‘Why do you want to know about Vietnam? That country has nothing to offer you, you’re an American now’
‘I had a daughter, I lost her at 7 months pregnancy, I had so many dreams for her, now I have you’
‘She’s not your mother, I am!’
‘I don’t want you to meet your birth mother, she’s bad’
‘Don’t go, you’ll upset your mother if you meet your family, you have a family, the ones who looked after you’
‘I’m happy to meet you, but you must pretend to be someone else, I don’t want my husband and children to know who you are’
‘Your father was a total loser, he left me with you, I had no choice’
Very often adopted children feel very protective towards their adoptive mothers, even to the extent of denying themselves an opportunity to resolve unanswered questions and the deeper need to simply know where they came from.
Each of us gains a deeper sense of who we are through merging with our parents in infancy, through being held and adored by them. However, with adopted children this either didn’t take place, or the entire process was interrupted, and at times, more than once. This can leave adopted children with a deep feeling of ‘there is no love for me’ or great difficulties in merging with a partner or lover – to truly receive someone into their heart and surrender to love. Of course these challenges are present in the rest of the population too – it is often amplified with adoptees.
Both Sets of Parents
It is important that the adoptive parents have a relationship of deep respect towards the biological parents – even when those parents appear irresponsible according to our own ‘moral compass’.
It needs to be emphasised that our feelings and opinions regarding the biological parents are keenly felt by the adopted child. Often an adoptive mother can fall into the trap of feeling that she is the ‘better’ mother – and many may agree with her. When we stand in judgement of the biological parents it shames the adopted child. If we judge the biological mother for her age, sexuality, race, ethnicity, addictions, morality, cultural, social and national background what we’re literally doing is taking a gift and telling the gift (child) that it is incomplete, comes from ‘bad stock’ and that now it will be good. This is shaming, and it does not need to be said out loud in order to it to be felt.
The gift of life is a precious one, no matter the circumstances of the birth. If the adoptive parents can inwardly bow with deep respect to the biological family from whence their child came – much direct and indirect shaming can be spared.
If the biological parents can bow inwardly with deep respect for what has been done on their behalf, then guilt can give way to the light of consciousness so that deeper healing can take place.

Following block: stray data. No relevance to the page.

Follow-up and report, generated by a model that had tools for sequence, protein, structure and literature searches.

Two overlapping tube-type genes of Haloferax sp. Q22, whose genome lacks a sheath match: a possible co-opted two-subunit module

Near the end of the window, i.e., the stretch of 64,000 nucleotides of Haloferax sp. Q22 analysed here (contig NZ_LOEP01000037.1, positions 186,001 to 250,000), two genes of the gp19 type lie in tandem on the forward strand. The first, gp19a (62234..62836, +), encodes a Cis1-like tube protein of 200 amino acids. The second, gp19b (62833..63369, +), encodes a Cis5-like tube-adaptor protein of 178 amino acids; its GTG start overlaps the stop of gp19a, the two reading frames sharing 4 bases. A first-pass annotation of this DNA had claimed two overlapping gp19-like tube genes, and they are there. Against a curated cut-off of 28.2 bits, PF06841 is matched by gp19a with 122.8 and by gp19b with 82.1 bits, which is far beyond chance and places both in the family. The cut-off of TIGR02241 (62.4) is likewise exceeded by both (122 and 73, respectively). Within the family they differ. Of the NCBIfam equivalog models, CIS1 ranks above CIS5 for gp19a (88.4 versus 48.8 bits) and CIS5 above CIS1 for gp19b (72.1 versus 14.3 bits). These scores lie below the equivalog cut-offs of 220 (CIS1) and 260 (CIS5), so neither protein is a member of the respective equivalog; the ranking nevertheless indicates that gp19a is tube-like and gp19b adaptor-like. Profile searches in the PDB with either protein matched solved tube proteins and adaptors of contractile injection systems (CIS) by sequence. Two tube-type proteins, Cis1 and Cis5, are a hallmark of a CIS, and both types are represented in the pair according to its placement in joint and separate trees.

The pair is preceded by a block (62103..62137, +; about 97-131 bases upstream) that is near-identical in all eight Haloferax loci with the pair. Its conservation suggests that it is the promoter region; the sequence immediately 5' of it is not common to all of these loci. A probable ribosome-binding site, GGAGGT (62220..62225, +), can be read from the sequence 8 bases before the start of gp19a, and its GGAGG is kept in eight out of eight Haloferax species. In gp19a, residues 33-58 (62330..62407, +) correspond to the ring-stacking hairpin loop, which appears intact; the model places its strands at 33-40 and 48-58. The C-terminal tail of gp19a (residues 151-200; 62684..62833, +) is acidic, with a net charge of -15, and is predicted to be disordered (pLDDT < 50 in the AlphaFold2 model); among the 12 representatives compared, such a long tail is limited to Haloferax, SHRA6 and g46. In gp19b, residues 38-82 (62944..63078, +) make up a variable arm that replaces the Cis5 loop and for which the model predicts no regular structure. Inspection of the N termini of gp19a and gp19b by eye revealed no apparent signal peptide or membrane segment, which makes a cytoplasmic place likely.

Adoptees Embracing Life
Very often those who have been adopted are aware that their biological mother or family has suffered in some way. Perhaps they were rescued out of the hell of war, a ghetto, drug addiction or severe abuse. With this, they often feel the split of being both the ‘lucky one’ who got away AND the one who was abandoned. It is very often more difficult when they are aware of having siblings.
How would it be to say ‘Please smile upon me kindly if i have the courage to be happier than you?’
We cannot underestimate the power of biological bonds – they tie us with our biological family over space and time. In order to be free of the burden of being adopted, we need to have the courage to bow to everyone’s fate, including those left behind. Limiting our life, love, freedom and happiness does nothing to serve or save those suffering – it only seeks to further, deepen and lengthen our own suffering.
There are deep stories behind everything that is said, even when the words seem so very hurtful. What would cause a biological parent to keep their child a secret? What would cause adoptive parents to shame and deny the existence of the biological heritage? All of the unhealthy and damaging choices we make have a foundation of pain, denial and a belief that there is no other way.
I’ve worked with many adoptees, adoptive parents, birth mothers and biological fathers over the years. Each person is deserving of my respect, is worthy of being held in my heart as they hear the simple truths that can be very uncomfortable or painful but ultimately lead to freedom from guilt, pain and suffering.
For many adoptees, their life is influenced by the dilemma of being ‘the lucky one’ who was abandoned. Unsure if they are ‘good enough’ to be loved by their adoptive parents, unsure if they are ‘bad’ for having left others behind, unsure if they really belong. So much has been taken from them and yet, without awareness, we can then ask them to give too much – the one who saves us, the one who forgives us, the one who fulfils us, and the one who holds our secret.
For more insights into adoption, I dedicated an entire chapter in the book ‘The Language of the Soul’.
‘To Whom Do I Belong?’ Click HERE